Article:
Georgia is the seventh-most expensive state for auto insurance in 2021, according to a new report by WalletHub, an online finance network.

Based on WalletHub’s analysis, across Georgia:

  • Full-coverage car insurance costs 126 percent more than minimum coverage, on average.

  • 16-year-olds pay 373 percent more for car insurance than 55-year-olds, on average.

  • Married drivers pay 8 percent less for car insurance than single drivers, on average.

  • Drivers with a DUI pay 95 percent more for car insurance than drivers with a clean record.

Also, according to the report:
 
  • 61 million Americans have reduced their car insurance coverage because of COVID-19.

  • 105 million Americans think they’re not getting their money’s worth from their car insurance.

  • 55 million Americans, primarily in urban areas, have second thoughts about owning a car because of COVID-19.
ABAC students can take advantage of a new agreement with Murray State University to complete their graduate degree with a master of science in agriculture.
ABAC, MURRAY STATE INK AGREEMENT FOR AG GRADUATE-LEVEL PROGRAM
A new agreement between the Abraham Baldwin Agricultural College School of Agriculture and Natural Resources (SANR) and Murray State University’s Hutson School of Agriculture gives ABAC graduates the opportunity to further their education in a graduate-level program.

SANR graduates from ABAC who meet the criteria will be accepted for admission to MSU’s master of science in agriculture online degree program. If students wish to seek admission for the face-to-face option, they will be given full consideration.

“Both institutions share the same values and prepare work-ready graduates through an experiential learning approach,” said Dr. Mark Kistler, ABAC’s SANR dean.

“What is appealing to us about this master’s degree program are the many options available for our students including concentrations in agricultural education, agribusiness/economics, sustainable agriculture, and veterinary hospital management.”

MSU is located in Murray, Ky.
UGA REPORT: EXPECT SOD PRICES
TO GROW THIS YEAR
If seeing the Tifton-developed turfgrass during the Super Bowl has you itching to unfurl sod for a new lawn, it will likely cost a bit more than usual, according to a report by the University of Georgia.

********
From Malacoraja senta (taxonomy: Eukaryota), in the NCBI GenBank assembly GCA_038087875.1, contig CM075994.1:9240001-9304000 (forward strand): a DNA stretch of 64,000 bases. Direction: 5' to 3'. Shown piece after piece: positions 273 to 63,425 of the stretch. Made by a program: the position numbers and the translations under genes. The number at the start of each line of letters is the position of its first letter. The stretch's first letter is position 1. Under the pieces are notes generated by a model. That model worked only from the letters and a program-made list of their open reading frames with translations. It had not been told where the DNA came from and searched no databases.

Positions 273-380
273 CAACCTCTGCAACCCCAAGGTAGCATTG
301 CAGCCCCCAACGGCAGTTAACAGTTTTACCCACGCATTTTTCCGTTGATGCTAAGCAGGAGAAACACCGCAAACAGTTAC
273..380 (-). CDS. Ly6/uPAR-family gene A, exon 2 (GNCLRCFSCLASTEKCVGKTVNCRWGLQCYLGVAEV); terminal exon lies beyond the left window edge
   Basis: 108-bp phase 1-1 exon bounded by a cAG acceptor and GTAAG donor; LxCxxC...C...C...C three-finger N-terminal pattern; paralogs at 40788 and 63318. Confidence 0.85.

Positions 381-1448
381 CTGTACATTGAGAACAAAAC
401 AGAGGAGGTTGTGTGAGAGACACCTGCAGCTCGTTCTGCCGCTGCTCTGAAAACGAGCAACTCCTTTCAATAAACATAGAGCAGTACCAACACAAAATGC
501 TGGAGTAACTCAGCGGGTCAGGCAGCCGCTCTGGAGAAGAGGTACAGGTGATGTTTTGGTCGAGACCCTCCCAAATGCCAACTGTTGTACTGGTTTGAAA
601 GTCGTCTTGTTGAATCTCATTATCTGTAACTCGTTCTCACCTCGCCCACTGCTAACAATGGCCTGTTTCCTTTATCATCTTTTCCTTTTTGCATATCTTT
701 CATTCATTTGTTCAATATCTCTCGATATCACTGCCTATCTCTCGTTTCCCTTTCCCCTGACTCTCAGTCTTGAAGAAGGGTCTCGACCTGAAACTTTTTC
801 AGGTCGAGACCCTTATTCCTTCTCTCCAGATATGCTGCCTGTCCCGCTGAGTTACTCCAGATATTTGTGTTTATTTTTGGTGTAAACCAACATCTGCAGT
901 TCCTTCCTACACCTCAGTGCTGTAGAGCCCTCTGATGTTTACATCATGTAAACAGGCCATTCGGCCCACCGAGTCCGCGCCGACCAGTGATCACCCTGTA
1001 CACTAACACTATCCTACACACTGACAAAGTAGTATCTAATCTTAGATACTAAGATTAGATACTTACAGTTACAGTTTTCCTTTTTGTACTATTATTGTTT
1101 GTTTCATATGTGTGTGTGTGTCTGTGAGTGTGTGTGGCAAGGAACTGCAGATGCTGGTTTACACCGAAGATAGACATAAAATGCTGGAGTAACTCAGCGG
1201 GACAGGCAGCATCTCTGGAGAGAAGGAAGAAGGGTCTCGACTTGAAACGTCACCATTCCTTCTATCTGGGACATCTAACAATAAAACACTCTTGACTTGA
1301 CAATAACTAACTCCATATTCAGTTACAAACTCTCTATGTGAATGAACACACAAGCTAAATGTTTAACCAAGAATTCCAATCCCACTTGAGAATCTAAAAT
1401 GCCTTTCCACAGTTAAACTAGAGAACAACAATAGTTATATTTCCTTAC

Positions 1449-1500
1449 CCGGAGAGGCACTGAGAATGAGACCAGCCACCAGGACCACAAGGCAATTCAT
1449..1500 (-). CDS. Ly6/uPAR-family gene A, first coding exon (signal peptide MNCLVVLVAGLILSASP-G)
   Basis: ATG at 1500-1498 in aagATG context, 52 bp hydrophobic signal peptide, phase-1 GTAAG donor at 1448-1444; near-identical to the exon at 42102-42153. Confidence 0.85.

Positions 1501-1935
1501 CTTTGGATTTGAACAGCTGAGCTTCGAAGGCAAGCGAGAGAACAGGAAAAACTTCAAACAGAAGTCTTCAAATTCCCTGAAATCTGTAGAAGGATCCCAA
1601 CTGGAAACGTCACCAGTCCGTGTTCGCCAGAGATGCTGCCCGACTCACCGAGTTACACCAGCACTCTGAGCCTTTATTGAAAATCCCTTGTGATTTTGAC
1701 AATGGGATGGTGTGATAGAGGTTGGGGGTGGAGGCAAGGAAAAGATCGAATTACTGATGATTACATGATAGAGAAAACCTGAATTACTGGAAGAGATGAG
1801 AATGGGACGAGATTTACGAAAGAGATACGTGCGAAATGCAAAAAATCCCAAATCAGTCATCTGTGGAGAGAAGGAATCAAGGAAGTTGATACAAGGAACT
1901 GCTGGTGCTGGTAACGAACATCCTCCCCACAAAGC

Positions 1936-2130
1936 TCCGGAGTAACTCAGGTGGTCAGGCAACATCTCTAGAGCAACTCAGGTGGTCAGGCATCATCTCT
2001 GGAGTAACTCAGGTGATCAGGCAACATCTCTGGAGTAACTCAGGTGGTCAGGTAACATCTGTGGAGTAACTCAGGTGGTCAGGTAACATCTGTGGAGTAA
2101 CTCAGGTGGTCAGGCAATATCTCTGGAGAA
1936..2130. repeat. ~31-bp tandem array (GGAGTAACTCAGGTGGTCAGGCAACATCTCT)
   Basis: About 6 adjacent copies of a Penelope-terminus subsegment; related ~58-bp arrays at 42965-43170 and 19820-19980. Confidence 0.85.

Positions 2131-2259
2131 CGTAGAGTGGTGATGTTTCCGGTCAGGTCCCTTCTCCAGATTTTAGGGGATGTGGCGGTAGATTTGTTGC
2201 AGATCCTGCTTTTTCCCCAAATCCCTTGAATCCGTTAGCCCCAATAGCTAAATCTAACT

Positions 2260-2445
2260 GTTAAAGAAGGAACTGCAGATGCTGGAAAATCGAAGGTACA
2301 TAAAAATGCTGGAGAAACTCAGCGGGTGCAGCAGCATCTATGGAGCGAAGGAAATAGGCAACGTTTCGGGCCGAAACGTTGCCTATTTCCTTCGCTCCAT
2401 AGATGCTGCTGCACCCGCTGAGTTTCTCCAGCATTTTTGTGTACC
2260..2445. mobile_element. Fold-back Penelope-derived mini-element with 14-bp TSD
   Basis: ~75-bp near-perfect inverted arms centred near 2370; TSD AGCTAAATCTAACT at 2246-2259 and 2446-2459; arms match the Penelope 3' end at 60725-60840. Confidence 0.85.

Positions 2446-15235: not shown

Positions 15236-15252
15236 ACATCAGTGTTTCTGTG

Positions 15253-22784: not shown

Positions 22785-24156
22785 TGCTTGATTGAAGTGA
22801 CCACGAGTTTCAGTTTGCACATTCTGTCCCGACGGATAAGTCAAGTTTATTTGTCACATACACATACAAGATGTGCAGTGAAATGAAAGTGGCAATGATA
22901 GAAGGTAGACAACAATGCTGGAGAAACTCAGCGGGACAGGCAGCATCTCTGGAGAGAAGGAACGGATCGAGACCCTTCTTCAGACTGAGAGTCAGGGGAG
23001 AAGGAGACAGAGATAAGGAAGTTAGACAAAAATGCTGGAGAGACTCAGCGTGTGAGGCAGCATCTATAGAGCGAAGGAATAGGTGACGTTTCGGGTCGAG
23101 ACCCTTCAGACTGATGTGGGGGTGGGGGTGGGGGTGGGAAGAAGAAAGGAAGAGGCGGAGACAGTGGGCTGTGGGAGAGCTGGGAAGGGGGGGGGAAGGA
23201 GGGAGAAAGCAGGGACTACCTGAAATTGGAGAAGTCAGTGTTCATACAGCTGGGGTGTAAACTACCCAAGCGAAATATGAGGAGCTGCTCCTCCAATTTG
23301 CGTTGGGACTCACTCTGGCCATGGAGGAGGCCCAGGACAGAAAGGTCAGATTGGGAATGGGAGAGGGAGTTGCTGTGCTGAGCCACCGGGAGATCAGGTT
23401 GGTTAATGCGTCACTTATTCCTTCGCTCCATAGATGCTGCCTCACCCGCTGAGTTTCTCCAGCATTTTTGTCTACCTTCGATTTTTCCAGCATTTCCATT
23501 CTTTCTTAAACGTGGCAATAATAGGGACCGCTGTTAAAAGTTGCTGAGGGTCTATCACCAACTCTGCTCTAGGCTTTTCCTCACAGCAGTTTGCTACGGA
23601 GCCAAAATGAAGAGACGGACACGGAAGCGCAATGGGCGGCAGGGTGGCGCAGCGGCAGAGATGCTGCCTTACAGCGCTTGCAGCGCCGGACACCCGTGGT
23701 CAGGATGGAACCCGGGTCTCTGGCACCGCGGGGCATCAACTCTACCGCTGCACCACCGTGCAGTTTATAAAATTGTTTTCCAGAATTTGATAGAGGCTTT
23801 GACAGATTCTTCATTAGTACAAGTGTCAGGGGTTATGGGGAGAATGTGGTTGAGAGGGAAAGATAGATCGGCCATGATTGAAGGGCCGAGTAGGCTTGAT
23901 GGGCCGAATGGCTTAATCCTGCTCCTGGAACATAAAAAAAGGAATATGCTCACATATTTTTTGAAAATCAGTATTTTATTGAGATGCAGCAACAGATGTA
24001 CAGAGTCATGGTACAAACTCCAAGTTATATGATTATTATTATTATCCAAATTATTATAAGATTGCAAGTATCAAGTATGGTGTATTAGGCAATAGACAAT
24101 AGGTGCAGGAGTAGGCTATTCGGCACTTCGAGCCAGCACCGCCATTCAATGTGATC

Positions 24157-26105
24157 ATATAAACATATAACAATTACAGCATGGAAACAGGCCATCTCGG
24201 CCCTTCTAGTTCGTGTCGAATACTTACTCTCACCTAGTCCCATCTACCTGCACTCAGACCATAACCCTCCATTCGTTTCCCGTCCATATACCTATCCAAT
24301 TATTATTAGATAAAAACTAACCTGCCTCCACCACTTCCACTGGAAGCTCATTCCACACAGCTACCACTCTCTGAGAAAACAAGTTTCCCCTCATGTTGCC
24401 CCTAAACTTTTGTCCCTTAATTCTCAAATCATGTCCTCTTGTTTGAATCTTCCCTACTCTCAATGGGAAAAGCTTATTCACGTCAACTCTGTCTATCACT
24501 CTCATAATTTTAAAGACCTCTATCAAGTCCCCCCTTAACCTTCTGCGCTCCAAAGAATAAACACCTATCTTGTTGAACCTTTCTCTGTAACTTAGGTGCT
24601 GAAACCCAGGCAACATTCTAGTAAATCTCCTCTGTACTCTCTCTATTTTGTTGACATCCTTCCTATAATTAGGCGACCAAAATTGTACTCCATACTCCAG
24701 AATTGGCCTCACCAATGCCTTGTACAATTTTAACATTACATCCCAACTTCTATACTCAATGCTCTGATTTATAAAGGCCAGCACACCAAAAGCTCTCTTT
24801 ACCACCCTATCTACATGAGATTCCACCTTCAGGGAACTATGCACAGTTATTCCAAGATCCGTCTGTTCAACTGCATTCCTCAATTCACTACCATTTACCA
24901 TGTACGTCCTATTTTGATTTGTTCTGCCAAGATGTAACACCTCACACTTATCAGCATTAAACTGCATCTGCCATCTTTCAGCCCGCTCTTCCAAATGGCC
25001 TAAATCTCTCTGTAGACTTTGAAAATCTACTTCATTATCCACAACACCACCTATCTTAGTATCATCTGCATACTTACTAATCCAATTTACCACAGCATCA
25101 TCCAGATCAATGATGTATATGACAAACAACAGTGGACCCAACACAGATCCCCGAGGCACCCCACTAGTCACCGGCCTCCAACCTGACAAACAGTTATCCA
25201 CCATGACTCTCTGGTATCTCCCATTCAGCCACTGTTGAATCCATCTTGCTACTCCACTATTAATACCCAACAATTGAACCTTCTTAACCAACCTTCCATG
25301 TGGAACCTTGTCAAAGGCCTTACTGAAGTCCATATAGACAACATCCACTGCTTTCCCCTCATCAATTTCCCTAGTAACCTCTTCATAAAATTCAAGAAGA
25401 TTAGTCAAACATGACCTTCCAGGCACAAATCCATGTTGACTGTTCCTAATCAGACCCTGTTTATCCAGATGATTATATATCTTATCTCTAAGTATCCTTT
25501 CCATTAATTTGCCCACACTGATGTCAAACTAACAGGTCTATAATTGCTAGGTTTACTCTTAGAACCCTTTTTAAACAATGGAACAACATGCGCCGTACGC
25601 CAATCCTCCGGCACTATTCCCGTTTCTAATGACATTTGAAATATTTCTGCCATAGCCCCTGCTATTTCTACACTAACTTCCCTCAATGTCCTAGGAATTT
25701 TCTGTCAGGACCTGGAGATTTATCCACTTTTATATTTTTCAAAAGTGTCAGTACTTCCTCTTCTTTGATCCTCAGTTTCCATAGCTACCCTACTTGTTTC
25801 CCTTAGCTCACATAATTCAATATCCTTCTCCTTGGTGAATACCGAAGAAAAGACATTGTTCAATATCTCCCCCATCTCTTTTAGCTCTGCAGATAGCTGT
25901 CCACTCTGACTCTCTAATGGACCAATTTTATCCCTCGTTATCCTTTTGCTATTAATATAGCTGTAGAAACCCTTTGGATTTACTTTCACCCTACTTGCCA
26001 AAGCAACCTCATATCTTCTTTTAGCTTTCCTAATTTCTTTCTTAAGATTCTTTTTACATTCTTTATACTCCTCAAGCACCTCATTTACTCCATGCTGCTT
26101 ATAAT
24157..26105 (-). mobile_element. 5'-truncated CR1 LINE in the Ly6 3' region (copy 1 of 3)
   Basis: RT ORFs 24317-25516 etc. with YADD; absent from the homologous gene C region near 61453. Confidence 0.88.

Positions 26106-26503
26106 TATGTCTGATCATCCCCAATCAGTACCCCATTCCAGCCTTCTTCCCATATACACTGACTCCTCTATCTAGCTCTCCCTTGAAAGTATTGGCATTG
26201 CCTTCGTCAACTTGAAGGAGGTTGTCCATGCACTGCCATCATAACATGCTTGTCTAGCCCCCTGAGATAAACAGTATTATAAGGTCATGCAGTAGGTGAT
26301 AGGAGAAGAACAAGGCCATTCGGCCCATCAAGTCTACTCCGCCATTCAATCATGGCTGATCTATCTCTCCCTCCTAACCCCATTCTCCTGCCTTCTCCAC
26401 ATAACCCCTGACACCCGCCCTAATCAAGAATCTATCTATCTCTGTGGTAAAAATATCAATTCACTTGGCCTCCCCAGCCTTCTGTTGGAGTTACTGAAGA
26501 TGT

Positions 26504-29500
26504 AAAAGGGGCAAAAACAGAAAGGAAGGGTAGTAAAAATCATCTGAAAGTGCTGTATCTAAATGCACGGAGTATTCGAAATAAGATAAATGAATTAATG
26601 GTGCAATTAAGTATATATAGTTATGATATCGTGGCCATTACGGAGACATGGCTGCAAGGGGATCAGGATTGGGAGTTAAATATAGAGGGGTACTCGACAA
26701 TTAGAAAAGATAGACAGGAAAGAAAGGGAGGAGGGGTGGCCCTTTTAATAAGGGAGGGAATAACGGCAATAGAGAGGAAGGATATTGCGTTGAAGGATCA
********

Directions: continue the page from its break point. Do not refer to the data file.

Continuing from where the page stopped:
Price increases for sod could range from 2 to 8 percent above 2019 prices, says Clint Waltz, UGA Cooperative Extension turfgrass specialist and crop and soil sciences professor. While still greater than 2019 prices, bermudagrass will have the lowest price increase relative to other species. “Growers are not forecasting a significant price increase in early 2021,” he said.

The price data comes from an annual survey of producers coordinated by the Georgia Urban Ag Council. Because of an insufficient sampling size of the turfgrass industry, there was not a 2020 sod survey, so results were compared to 2019.

“With potentially thin inventories for bermudagrass, zoysiagrass and centipedegrass, it can be speculated that prices will be greater than the increases forecast in this survey,” said Waltz.

The average price for certified grass, labeled to ensure pure variety quality, increased to 3 cents per square foot.

The farm gate value for turfgrass was $118 million in 2018, the highest it has been since the Great Recession in 2008. Top counties for production were Cook, Macon, Peach, Gordon, and Carroll.
Tifton’s Locally Owned Digital Newspaper
To Subscribe, Click Here!

Your free subscription allows you to automatically receive our MidWeek and Weekender editions in your in-box, along with occasional Sponsored Editions.

Your subscription is free because of the support of local advertisers.
Please support the businesses and organizations who make this possible.

To Contact Us, Call 478-227-7126
TIFTON GRAPEVINE'S DOG OF THE WEEK
This male pooch, 2-3 years old, is available for adoption at the Tift County Animal Shelter, located at 278 Georgia Highway 125 S. The shelter is open to the public for adoptions from 1-6 p.m. Mondays through Fridays.

For more information, call 229-382-PETS (7387).
Pets of the Week are sponsored by:
Branch’s Veterinary Clinic
205 Belmont Ave., Tifton, 229-382-6055  
candle-flames-banner.jpg
FEB. 4
Vina Lackey Myers, 82, Chula
Quenton Saylor, Worth County
Nellie Sue Daniel Lindsey, 88, West Berrien
Stuart Knight, 66, Adel
Rachel New Luke, 78, Ocilla

FEB. 5
Christine Williams Whitley, 92, Lenox
James Walker “Bud” Tucker, 95, Alapaha
“Skip” Edward Roland Hill III, 65, Fitzgerald
Maudell “Missie” Delaney, 71, Fitzgerald

FEB. 6
Carol Ruth Baker Simmons, 87, Tifton
Eileen Evans Trawick, 94, Raleigh, N.C.
Marvin Joe Davis, 88, Ashburn

FEB. 7
Harvey Gandy Jr., 70, Nashville
Rebecca "Becky" Powell, 72, Fitzgerald
Katherine M. Wilkes, 92, Ocilla
Dr. Lewis Ray Clayton Jr., 82, Irwin County
Roberta Green, 83, Albany

FEB. 8
Richard Gary Rice, 67, Tifton
Stacy Dawn Hogan, 42, Fitzgerald
Dorothy Kay Lawler, 59, Ray City
Nina Gunby Broome, 62, Irwin County
Nuraul Jones, Ashburn

FEB. 9
Harry Frank Dale Jr., 59, Tifton
Mary Jo Hasty Gibbs, 91, Ty Ty
Peggy Dean Virginia Darby Royce, 92, Tifton
 Elizabeth "Lib" Senkbeil Gwines, 94, Gordy
Randall Joiner, 77, Alapaha
FEB. 10
M.Sgt, (Ret.) David Ray "Dave" Wallen, 74, Sylvester
Diane M. Jackson, 72, Fitzgerald
Thelma A. Trent, 87, Lenox
Anelda Griner, 84, Nashville
Hiram Wilson, 72, Rebecca
Growing Family?
Need More Room?
Give Us a Call Today!
Tifton Grapevine
e-published every Tuesday and Friday

Frank Sayles Jr.
Editor & Publisher
Bonnie Sayles
Managing Editor
A Service of Sayles Unlimited Marketing LLC, Tifton, Georgia